n 1933, Aldous Huxley imagined a Brave New World in which human reproduction was entirely artificial. No longer science fiction, the use of “artificial wombs” is news of the past. Researchers demonstrated the capacity to gestate animals in 2017, when a team at Children’s Hospital in Philadelphia published the results of their study growing fetal lambs in what they termed a “biobag.” Their research showed at least the potential for artificial wombs to push back the age of viability for prematurely delivered human infants to 24 or even 22 weeks. As tests continue and technology develops, it is feasible to imagine that, one day, it may be possible to join the technology of an artificial uterus with that of in-vitro fertilization (IVF), providing a reproductive alternative to natural pregnancy.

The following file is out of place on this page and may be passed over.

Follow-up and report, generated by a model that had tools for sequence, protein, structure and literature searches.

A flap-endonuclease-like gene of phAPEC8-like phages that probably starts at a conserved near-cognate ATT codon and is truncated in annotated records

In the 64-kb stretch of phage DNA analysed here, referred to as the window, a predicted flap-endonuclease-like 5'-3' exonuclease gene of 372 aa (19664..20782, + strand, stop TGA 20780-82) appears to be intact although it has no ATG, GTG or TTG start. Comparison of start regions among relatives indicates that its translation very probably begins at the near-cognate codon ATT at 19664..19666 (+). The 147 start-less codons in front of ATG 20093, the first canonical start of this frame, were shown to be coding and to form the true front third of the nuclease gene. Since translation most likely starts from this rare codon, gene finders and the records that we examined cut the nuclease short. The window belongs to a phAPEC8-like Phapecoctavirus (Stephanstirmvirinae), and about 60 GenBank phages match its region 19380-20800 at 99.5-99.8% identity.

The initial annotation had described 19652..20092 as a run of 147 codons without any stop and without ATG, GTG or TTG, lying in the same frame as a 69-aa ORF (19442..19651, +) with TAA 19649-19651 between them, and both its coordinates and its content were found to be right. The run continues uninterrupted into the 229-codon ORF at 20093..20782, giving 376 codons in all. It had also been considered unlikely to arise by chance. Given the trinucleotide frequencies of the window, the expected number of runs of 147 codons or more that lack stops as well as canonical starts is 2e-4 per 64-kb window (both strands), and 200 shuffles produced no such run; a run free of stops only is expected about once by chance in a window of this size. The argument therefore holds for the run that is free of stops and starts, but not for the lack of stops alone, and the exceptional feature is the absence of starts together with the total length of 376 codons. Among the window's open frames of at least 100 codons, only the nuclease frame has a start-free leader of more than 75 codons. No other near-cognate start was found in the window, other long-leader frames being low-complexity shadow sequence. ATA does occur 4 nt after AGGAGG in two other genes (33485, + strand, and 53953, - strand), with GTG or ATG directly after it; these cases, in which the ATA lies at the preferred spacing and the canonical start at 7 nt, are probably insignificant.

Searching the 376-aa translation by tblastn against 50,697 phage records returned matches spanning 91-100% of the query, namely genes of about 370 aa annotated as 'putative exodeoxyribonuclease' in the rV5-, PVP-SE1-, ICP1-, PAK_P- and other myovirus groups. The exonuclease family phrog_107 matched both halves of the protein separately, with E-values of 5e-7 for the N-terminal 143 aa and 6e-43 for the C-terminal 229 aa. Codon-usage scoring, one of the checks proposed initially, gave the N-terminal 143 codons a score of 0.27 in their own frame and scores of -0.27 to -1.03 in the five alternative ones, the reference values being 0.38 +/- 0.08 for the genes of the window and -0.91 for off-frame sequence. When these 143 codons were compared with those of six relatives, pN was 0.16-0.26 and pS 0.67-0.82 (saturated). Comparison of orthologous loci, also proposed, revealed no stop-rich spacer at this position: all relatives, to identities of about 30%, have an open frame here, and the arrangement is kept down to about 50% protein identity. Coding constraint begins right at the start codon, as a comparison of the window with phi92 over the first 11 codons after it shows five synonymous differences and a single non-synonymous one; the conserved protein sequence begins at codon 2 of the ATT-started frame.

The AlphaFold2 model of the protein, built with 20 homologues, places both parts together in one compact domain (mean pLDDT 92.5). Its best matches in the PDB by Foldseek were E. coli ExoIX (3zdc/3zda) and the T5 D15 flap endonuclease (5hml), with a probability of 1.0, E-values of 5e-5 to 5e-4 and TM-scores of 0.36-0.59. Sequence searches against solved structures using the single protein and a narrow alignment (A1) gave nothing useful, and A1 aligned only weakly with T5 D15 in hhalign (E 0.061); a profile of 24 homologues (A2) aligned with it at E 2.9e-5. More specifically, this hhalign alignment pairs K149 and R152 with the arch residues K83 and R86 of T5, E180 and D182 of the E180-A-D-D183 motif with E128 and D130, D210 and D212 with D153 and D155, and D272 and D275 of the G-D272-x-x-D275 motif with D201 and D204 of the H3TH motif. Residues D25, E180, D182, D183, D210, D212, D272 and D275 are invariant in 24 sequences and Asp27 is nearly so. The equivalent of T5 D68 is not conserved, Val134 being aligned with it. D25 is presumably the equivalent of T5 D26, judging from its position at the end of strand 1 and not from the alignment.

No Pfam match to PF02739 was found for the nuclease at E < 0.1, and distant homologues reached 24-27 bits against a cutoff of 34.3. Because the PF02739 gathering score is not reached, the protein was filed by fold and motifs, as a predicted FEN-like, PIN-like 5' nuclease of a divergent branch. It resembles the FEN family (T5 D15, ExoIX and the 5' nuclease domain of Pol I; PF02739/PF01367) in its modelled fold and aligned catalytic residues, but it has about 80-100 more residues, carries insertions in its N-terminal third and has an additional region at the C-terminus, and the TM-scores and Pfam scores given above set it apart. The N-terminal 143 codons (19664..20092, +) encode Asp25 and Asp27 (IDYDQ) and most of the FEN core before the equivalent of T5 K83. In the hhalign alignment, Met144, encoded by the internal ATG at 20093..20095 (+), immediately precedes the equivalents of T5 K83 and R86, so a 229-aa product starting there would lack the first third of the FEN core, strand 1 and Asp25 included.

The widespread use of artificial womb technology has incredible implications. As the technology develops and improves, the ill effects of premature birth on families and infants — including trauma and anxiety, lasting birth defects, and even mortality — could be ameliorated. One day, the danger of premature birth could become a thing of the past.
On the one hand, given the potential magnitude of these positive effects, optimism about the development and use of artificial wombs for human gestation is understandable. On the other hand, technology of this nature comes with serious risks.
As the development of new technologies accelerates, we are hard-pressed to keep pace in considering whether these developments are actually good for humanity. What we can do far outpaces our ability to consider whether we ought to do it. While the life-saving benefits of artificial wombs may be immense, it is worth pausing to consider whether, overall, the development of this technology will help or harm women, their infants, and the human family as a whole….